def forward(self, x):
        if not self.training: return x
        self.noise.data.normal_(0, std=self.std)
        
        print(x.size(), self.noise.size())
        return x + self.noise

Surprisingly, this did not work:

RuntimeError: size ‘[48 x 48]’ is invalid for input of with 8110080 elements at /home/uapatira/Desktop/pytorch-master/torch/lib/TH/THStorage.c:59

Eh? The output of the print statement is:

torch.Size([5, 704, 48, 48]) torch.Size([48, 48])

From what I understand of pytorch broadcasting semantics, this shouldn’t be a problem. In fact, if I try to: torch.FloatTensor([5, 176, 96, 96]) + torch.FloatTensor([96, 96]), it works just fine, but when I try to do .backwards(), it looks like the broadcasting breaks down?

Solved: Fixed using .expand() on self.noise.

1 Like

In case you don’t know the shape apriori (or aren’t bothered to type it), here is what I normally use :slight_smile:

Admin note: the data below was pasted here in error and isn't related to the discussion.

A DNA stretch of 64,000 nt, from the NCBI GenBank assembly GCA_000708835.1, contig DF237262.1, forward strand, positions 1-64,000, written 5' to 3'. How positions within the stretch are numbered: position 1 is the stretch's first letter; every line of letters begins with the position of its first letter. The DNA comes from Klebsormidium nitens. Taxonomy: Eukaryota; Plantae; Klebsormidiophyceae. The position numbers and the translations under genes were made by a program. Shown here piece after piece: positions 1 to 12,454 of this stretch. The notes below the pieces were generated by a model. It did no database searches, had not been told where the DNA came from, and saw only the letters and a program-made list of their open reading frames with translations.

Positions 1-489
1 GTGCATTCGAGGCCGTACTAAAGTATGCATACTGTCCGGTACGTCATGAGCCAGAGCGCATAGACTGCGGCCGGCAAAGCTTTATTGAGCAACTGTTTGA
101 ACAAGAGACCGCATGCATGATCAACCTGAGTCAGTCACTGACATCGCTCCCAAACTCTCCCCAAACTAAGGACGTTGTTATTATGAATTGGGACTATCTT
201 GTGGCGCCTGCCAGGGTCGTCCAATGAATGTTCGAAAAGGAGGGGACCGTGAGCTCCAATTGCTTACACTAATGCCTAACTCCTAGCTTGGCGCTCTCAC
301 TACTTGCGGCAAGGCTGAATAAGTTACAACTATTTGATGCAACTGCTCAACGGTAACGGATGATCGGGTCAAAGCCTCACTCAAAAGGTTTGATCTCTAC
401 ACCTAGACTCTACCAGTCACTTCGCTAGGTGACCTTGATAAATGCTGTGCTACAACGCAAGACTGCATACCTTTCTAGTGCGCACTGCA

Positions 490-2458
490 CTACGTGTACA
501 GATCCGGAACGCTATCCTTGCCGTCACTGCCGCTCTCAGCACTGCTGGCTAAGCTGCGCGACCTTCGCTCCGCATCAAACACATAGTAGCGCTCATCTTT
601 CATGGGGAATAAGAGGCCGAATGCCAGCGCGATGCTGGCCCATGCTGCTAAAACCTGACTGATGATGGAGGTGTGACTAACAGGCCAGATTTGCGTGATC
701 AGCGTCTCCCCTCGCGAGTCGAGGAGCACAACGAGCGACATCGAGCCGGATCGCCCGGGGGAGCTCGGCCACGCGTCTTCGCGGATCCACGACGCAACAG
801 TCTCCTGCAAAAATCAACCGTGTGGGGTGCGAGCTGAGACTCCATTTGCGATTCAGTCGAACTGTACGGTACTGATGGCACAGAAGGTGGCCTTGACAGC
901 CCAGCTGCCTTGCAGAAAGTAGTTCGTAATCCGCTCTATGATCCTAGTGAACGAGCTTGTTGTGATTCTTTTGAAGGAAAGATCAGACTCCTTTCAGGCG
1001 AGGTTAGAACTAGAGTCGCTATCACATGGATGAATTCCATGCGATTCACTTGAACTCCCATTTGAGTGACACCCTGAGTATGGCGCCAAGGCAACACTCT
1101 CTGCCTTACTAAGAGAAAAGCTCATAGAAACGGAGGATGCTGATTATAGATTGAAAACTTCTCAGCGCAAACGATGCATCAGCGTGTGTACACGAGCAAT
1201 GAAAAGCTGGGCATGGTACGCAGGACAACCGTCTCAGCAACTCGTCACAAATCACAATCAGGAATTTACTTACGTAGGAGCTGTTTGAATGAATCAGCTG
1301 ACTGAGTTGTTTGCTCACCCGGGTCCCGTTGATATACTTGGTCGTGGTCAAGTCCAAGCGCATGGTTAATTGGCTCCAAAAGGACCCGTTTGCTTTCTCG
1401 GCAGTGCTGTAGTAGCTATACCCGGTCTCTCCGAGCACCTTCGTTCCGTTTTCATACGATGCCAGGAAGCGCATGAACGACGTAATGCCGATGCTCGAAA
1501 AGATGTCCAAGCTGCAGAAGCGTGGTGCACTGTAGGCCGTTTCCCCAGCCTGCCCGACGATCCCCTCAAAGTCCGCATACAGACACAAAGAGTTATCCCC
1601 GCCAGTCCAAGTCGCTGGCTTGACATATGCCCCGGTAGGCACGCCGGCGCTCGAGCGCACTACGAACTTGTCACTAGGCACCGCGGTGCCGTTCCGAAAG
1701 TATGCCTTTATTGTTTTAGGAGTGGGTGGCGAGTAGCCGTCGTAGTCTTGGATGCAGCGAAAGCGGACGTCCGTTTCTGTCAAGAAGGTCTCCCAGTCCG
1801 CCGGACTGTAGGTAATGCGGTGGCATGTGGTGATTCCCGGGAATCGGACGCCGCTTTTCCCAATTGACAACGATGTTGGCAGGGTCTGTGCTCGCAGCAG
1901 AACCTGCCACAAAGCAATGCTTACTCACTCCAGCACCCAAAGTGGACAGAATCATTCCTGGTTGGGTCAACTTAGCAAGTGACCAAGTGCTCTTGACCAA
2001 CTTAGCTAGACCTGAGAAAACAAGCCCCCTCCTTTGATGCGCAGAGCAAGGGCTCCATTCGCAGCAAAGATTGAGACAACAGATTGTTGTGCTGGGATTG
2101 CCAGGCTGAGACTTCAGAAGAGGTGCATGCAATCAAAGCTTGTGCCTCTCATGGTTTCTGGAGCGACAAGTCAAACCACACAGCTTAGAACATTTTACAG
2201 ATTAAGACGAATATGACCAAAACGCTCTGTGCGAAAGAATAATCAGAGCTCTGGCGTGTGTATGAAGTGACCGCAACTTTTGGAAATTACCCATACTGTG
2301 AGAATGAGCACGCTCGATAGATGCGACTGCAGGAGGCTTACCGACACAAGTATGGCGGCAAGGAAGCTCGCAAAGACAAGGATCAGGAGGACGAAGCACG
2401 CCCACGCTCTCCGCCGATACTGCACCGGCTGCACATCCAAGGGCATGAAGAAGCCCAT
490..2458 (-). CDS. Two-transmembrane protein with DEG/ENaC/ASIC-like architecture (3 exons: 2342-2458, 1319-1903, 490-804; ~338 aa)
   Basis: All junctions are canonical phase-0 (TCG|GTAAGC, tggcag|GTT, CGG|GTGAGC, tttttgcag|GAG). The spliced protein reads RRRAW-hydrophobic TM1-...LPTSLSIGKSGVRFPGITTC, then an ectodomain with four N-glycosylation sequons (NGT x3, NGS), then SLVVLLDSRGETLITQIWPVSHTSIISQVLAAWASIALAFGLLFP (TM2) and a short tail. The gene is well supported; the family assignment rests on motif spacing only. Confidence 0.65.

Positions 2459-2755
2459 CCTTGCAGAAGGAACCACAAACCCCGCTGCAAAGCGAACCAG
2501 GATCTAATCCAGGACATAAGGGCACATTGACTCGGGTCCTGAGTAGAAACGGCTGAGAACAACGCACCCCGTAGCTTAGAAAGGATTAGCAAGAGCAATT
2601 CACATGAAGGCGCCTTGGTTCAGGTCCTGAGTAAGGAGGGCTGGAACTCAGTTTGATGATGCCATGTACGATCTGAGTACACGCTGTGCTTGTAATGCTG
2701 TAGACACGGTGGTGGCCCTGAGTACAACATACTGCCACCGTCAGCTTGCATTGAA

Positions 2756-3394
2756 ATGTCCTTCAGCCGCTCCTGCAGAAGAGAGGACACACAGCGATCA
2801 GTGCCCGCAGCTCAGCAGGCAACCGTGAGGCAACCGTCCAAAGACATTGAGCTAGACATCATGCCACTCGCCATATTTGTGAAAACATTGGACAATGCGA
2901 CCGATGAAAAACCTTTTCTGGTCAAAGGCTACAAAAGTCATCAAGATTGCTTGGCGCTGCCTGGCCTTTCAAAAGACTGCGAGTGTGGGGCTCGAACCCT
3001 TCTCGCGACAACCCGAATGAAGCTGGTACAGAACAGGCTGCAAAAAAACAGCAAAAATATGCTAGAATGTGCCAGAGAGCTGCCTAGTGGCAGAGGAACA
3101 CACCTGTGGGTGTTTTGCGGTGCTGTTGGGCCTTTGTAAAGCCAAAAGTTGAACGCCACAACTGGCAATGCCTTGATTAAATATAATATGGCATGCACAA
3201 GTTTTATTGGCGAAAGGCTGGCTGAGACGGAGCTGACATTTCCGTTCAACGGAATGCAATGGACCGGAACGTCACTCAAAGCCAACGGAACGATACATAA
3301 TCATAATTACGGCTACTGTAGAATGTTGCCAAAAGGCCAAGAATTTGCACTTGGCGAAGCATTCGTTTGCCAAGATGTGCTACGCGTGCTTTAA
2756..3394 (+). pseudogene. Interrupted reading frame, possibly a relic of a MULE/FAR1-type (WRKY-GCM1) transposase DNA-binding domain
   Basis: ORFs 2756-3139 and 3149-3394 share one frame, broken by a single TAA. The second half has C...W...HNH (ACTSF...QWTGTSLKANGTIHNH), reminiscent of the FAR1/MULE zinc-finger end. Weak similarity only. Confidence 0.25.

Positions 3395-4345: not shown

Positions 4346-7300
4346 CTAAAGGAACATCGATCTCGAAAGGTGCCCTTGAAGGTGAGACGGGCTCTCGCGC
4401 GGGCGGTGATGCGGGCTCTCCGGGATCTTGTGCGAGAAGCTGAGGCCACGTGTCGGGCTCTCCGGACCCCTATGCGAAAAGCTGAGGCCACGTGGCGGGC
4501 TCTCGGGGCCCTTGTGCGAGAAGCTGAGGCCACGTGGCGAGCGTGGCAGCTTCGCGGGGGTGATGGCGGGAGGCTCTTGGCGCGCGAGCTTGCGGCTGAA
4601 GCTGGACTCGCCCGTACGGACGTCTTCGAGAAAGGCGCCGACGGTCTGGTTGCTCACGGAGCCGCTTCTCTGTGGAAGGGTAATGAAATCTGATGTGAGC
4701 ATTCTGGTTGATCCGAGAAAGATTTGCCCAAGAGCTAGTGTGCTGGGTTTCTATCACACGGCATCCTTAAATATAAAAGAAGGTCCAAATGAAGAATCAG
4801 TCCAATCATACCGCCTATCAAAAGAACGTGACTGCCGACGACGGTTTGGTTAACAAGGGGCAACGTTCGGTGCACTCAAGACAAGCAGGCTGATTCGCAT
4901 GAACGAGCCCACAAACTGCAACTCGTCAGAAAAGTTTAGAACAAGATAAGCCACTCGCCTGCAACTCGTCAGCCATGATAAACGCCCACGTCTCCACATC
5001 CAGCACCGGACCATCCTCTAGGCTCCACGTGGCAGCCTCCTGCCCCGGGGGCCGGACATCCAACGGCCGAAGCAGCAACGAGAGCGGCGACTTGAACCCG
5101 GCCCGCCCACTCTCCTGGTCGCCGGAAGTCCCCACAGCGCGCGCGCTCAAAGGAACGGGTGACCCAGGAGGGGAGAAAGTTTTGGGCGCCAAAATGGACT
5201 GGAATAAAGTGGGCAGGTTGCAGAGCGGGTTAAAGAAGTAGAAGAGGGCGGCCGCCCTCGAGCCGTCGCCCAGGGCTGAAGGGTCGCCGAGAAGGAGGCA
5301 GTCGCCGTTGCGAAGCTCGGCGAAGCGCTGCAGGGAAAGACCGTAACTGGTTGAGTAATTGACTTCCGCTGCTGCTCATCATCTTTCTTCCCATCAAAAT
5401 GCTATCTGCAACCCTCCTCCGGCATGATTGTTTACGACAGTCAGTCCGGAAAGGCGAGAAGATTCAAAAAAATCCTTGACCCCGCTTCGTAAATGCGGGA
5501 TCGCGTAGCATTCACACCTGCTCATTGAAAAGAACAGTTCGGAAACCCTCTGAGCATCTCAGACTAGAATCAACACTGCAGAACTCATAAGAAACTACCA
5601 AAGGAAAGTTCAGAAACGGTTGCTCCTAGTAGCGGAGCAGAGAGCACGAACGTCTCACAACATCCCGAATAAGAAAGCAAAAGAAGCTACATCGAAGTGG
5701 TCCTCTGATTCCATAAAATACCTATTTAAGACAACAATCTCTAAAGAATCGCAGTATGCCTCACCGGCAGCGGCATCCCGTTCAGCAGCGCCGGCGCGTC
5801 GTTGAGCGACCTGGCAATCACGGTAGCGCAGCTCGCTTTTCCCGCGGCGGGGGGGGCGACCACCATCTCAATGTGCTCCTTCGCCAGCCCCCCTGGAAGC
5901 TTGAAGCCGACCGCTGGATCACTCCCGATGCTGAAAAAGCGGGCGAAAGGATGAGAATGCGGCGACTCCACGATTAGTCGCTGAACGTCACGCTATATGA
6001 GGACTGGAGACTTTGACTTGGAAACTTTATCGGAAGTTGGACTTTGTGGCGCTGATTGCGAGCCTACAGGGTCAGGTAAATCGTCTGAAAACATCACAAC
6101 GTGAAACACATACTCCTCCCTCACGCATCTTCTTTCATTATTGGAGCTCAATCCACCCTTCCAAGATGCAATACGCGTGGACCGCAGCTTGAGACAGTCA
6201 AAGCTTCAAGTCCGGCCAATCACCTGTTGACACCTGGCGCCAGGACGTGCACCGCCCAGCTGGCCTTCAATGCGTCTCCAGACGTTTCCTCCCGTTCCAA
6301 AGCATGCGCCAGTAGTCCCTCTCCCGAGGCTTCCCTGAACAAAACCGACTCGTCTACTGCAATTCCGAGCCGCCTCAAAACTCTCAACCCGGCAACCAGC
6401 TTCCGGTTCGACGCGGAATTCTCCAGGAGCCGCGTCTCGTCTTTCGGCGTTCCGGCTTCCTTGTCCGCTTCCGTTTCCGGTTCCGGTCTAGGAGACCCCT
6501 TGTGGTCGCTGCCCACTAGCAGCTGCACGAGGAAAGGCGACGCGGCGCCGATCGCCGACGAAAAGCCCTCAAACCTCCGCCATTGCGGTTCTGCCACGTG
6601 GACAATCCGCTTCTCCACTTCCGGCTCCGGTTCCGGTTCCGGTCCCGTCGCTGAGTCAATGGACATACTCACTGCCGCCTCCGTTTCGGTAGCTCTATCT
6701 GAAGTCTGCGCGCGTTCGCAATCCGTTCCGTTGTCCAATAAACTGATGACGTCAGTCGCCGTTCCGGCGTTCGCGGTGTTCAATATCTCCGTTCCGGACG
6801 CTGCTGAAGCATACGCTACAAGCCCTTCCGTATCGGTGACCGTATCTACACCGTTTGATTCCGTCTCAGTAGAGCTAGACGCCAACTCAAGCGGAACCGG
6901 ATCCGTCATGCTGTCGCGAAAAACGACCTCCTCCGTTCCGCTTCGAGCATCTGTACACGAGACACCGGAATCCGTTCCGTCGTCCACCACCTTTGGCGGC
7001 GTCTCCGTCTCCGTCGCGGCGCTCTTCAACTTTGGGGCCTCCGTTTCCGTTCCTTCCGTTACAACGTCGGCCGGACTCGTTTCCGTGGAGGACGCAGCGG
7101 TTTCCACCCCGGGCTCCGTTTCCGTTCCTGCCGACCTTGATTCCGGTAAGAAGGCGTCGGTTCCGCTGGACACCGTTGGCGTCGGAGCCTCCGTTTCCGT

class GaussianNoise(nn.Module):
    """Gaussian noise regularizer.

    Args:
        sigma (float, optional): relative standard deviation used to generate the
            noise. Relative means that it will be multiplied by the magnitude of
            the value your are adding the noise to. This means that sigma can be
            the same regardless of the scale of the vector.
        is_relative_detach (bool, optional): whether to detach the variable before
            computing the scale of the noise. If `False` then the scale of the noise
            won't be seen as a constant but something to optimize: this will bias the
            network to generate vectors with smaller values.
    """